But, if everytime you saw spiders, $20 bills fell outa the sky, well, it *might* help you develop a new association with spiders.

    Don't force your dog to put up with unwanted hands on her.

    also, if your dog ever does growl, take care you never 'correct' or 'scold' the growl, you DO want your dog to be able to give warnings if she is reaching her threshold. If you 'correct' a growl (not that you are), that won't make your dog 'nice', it only makes your dog silent. Then you are left with a dog who has learned to skip the warning growl, and goes straight for a bite, which is last thing you want. (i mean, IF your dog ever begins to growl at ppl out of fear, then calmly remove her away from that which she growls at.).

    BEST OF LUCK, i do believe you can help your new dog become her best self!
  3. tigerlily46514 Honored Member

    My dog has entirely different issue than yours, but learning how to tell my gangsta to 'calm down' has helped *my* dog maybe more than anything else i've tried. Not sure it'd work with *your* dog, but, it helped *my* dog. You *might* be able to tell your dog to calm down, and help reduce her fear level a bit, with slow blinks, yawns, deep sighs, etc.

    For *my* dog, he had to LOOK AT ME to see the signal................... like doing a yawn or slow blink, while your dog is looking at something else, or walking ahead of you on a leash, doesn't help much. so i had to train my dog the cue, "Look at me", to be able to give my dog the calming signal.

    I found for *my* dog, it helped if i gave him the cue BEFORE he freaked out....once he'd already freaked out, they were far far less effective, had to be done BEFORE he got close to his target.
    http://youtu.be/MgnLgHFRJu4
  4. tx_cowgirl Honored Member

    Frankie's behavior towards newness sounds like my Zekers when he was a puppy.

    Do make each interaction positive, but do not force interactions. With Zeke, he does not like food but is insane for tennis balls, so when he sees a new person I do try to get the person to toss tennis balls for him---but no petting. I've working to plant the idea in his head that every single person in the world has a tennis ball and will throw it for him, so it's fun to check them out. So I do make the circumstances more favorable, by getting strangers to always toss a tennis ball for him, but I do not ever try to make him approach anyone. Everything is his decision. For many dogs this would be a terrible idea, but for dogs like Zeke I think it's a good thing. He does not have to be pet by anyone. He does not have to approach anyone. He does not have to love people. He gets to decide when he's done getting petted by a stranger and he gets to leave(walk to the other end of the leash or walk away from person).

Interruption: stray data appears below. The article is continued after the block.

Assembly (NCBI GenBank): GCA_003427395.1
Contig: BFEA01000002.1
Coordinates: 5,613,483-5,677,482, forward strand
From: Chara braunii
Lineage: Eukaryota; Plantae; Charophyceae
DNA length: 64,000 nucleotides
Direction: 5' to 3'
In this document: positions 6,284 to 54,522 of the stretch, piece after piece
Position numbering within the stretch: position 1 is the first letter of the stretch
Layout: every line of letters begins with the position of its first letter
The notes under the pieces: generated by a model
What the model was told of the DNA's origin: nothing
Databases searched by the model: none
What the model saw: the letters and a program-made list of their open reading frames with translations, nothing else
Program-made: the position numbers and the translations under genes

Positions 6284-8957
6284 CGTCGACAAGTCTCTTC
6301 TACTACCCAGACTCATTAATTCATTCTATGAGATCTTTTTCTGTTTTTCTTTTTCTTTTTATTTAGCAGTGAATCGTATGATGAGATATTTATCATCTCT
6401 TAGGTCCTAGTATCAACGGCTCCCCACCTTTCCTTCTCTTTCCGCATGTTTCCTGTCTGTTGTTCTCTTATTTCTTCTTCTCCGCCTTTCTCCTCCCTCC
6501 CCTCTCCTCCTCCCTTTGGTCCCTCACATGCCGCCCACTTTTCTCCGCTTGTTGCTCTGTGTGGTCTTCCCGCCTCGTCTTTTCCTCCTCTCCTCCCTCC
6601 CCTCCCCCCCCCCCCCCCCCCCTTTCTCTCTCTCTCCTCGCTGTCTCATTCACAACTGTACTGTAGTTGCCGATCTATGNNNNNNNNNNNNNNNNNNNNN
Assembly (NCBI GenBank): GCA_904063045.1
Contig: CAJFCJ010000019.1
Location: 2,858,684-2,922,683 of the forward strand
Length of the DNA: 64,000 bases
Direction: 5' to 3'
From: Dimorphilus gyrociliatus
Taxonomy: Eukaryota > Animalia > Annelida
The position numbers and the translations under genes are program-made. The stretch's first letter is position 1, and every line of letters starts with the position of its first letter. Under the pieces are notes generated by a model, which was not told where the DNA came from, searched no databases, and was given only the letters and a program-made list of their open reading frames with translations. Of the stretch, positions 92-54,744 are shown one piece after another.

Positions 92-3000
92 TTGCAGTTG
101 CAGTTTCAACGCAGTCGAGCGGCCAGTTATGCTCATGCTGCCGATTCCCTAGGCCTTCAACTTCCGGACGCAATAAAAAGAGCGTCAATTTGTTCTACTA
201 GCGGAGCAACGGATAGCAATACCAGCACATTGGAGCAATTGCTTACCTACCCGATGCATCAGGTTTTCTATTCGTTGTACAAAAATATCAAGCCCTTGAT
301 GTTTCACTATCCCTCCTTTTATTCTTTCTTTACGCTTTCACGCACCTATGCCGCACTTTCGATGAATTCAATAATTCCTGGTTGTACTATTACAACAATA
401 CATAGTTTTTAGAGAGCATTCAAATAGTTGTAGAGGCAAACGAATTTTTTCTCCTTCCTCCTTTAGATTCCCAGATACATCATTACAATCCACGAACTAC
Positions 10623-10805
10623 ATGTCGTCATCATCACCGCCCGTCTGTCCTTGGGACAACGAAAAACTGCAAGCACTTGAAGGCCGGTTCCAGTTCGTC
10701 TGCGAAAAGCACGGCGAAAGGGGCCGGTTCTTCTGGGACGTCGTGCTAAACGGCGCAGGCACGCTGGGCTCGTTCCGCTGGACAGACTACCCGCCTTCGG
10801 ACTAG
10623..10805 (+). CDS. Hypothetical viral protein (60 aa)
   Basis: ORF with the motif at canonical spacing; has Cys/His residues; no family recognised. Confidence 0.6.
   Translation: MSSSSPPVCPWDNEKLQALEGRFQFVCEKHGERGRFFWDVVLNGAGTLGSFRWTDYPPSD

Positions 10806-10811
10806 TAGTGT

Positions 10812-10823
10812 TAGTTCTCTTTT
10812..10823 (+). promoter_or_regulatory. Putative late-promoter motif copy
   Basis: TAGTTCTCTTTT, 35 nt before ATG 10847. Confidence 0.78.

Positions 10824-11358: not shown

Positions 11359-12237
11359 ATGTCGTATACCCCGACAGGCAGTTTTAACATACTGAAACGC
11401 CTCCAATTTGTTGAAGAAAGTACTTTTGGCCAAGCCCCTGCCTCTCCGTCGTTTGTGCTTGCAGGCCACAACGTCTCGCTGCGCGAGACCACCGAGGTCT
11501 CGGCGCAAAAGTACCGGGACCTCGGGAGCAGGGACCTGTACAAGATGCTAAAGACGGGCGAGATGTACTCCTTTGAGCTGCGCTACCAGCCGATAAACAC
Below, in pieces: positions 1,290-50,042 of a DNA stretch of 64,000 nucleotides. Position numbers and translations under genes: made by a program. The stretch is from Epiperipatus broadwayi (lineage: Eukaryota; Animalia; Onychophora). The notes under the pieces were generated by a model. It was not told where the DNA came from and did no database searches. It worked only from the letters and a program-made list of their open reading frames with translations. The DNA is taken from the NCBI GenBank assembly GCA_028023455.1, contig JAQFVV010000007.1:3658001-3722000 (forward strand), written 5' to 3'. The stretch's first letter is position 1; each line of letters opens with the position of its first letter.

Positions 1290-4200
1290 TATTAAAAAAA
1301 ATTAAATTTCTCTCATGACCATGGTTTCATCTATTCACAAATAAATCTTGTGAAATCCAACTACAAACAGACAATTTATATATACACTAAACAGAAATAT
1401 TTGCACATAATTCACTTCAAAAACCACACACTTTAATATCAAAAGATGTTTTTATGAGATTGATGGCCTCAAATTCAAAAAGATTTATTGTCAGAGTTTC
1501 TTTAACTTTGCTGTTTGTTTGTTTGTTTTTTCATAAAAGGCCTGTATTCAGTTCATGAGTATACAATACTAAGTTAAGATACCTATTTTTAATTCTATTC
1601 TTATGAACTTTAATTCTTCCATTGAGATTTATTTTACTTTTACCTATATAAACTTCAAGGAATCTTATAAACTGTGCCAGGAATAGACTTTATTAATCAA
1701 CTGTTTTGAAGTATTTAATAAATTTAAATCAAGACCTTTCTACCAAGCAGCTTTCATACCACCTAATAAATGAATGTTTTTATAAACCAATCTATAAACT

Basically, if we stop and talk to someone, he's thinking, "Hmm, that person might have a tennis ball. They might give it to me. I don't know them and that's scary, but they might have a tennis ball, and I looooooove tennis balls..." So generally he will approach someone, of his own volition. People are not allowed to pet him unless he asks for it--approaches, sniffs, tail wags. When he gets uncomfortable he can walk to the other end of his leash or come back to me and the person doesn't get to pet him anymore. He has a positive experience with a person, and then gets rewarded by getting to be left alone.
    Zeke used to flatten himself to the floor and soil himself anytime a new dog or person approached him, but now he is sooooo much better. He will actually walk up to people and allow them to pet him. He is still fearful of people, and is no social butterfly, but is much more comfortable about investigating strangers. All interactions he has are positive, and he makes many of his own decisions, so he isn't pressured to "get over his fear."